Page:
Demand for the release of prominent Turkish journalists Ahmet Altan and Nazli Ilicak who have spent more than three years in prison has again been rejected by an Istanbul court.
The dissident journalists were given life in jail over charges that include attempting a coup against an elected government, trying to overthrow Turkey’s civilian government and constitutional order and being a member of an armed terrorist organization.
The T24 news portal reported that the Istanbul 26th Heavy Penal Court on Tuesday rejected the critical journalists’ demand to be released from jail, following more than three years of being arrested pending trial.
According to a news report by Gokcer Tahincioglu from T24, the court justified its verdict by referring to a ruling of Turkey’s Constitutional Court in May that the rights to freedom and security of journalists Altan and Ilicak were not violated.
The Constitutional Court rulings are binding for all subordinate courts across Turkey’s legal landscape and judicial system.
The Istanbul court’s decision to reject the release of the critical journalists also followed a ruling by the 16th Criminal Department of Turkey’s Supreme Court of Appeals in July that cleared the two journalists of charges related to violating the constitution.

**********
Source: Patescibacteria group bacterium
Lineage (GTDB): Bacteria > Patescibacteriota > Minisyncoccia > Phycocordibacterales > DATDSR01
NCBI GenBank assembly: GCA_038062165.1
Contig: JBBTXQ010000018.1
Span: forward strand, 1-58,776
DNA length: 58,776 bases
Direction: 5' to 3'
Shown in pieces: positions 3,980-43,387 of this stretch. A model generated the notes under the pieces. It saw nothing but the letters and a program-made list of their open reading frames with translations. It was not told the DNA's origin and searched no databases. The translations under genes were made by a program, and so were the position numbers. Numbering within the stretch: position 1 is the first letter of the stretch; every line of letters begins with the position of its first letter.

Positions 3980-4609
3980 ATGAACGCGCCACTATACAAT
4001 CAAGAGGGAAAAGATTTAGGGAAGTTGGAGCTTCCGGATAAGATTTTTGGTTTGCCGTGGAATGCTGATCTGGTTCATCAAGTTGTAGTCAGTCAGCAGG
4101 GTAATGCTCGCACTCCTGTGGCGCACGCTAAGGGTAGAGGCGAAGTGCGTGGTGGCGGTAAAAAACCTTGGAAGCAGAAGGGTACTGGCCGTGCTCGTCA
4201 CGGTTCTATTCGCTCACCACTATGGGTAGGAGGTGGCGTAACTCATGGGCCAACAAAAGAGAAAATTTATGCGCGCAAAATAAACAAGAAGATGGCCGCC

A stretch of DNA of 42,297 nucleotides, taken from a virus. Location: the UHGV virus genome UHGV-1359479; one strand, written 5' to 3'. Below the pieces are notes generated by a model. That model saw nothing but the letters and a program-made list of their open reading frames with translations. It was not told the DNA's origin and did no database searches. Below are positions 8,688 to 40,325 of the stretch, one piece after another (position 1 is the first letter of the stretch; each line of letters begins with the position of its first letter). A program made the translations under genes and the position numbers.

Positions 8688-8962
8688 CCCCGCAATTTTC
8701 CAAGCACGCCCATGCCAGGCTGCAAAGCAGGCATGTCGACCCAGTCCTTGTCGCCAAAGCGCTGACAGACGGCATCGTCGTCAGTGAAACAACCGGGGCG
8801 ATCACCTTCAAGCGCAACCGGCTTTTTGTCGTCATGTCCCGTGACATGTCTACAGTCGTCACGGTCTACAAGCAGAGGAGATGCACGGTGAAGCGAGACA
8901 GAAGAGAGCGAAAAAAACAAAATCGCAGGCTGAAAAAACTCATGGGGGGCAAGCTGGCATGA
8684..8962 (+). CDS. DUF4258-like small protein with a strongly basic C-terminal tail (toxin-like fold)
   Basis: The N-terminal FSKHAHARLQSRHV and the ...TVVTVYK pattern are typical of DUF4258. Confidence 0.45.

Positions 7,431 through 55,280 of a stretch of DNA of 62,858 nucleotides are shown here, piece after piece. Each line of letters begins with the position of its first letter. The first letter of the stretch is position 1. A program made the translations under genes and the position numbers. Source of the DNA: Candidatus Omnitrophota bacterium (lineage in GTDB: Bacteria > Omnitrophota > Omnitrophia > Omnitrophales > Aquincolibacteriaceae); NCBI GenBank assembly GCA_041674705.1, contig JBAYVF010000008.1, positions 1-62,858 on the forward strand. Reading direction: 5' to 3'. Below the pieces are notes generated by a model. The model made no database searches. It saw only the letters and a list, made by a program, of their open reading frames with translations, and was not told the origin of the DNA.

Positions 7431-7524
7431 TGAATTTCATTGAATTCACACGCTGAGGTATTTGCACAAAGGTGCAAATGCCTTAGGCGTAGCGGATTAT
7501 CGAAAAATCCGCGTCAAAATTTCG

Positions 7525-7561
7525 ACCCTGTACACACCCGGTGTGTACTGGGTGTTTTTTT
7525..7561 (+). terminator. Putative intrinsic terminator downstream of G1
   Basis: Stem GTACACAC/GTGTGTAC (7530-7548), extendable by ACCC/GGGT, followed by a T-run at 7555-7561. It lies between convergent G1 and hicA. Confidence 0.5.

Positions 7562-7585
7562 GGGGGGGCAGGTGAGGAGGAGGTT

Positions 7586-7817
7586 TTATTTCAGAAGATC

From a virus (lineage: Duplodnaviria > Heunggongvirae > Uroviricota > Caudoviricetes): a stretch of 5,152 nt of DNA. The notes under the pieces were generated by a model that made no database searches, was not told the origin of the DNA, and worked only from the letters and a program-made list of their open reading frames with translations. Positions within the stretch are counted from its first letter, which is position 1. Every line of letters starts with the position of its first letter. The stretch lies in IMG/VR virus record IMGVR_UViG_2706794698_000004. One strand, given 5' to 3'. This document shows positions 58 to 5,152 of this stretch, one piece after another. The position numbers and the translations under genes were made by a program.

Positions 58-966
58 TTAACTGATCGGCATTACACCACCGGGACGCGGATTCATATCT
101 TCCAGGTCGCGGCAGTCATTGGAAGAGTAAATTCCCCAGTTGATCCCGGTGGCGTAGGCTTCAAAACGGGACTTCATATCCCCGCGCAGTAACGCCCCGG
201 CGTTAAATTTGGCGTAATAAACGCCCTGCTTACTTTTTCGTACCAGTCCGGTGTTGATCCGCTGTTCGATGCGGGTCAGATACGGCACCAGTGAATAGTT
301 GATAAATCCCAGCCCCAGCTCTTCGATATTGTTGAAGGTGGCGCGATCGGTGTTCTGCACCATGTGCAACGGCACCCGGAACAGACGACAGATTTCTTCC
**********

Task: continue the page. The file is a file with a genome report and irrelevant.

The high court said that they can only be prosecuted for charges related to providing support for a terrorist organization.
The two journalists were therefore expected to be released due to spending enough time behind bars that amount to the sentence for the remaining charges against them.
The same court also rejected release demands by two former employees of the now-closed Zaman newspaper, brand marketing manager Yakup Simsek and art director Fevzi Yazici and former Police Academy lecturer Sukru Tugrul Ozsengul.
The daily was shut down by the Turkish state in May 2016, after it was taken over by government-appointed trustees for being linked to the US-based Muslim preacher Fethullah Gulen’s movement.
Although the ruling AK Party (AKP) identifies the group as a terror organization and accuses it of masterminding the failed 2016 military coup, Gulen, who lives in self-imposed exile in Pennsylvania since 1999, and his followers strongly deny any links to terror groups or activities.
Numerous critics, activists, human rights organizations and legal experts hold forth that the charges brought against Turkey’s dissident journalists are politically grounded.
They claim that the trials lacked transparency, denial of the right to legal counsel and contained many other obstacles that imperiled the prospect of a fair trial.
Turkey, which ranks 157th out of 180 countries in the 2019 World Press Freedom Index according to Reporters Without Borders, has the highest number of imprisoned journalists and is increasing state crackdown on critical media.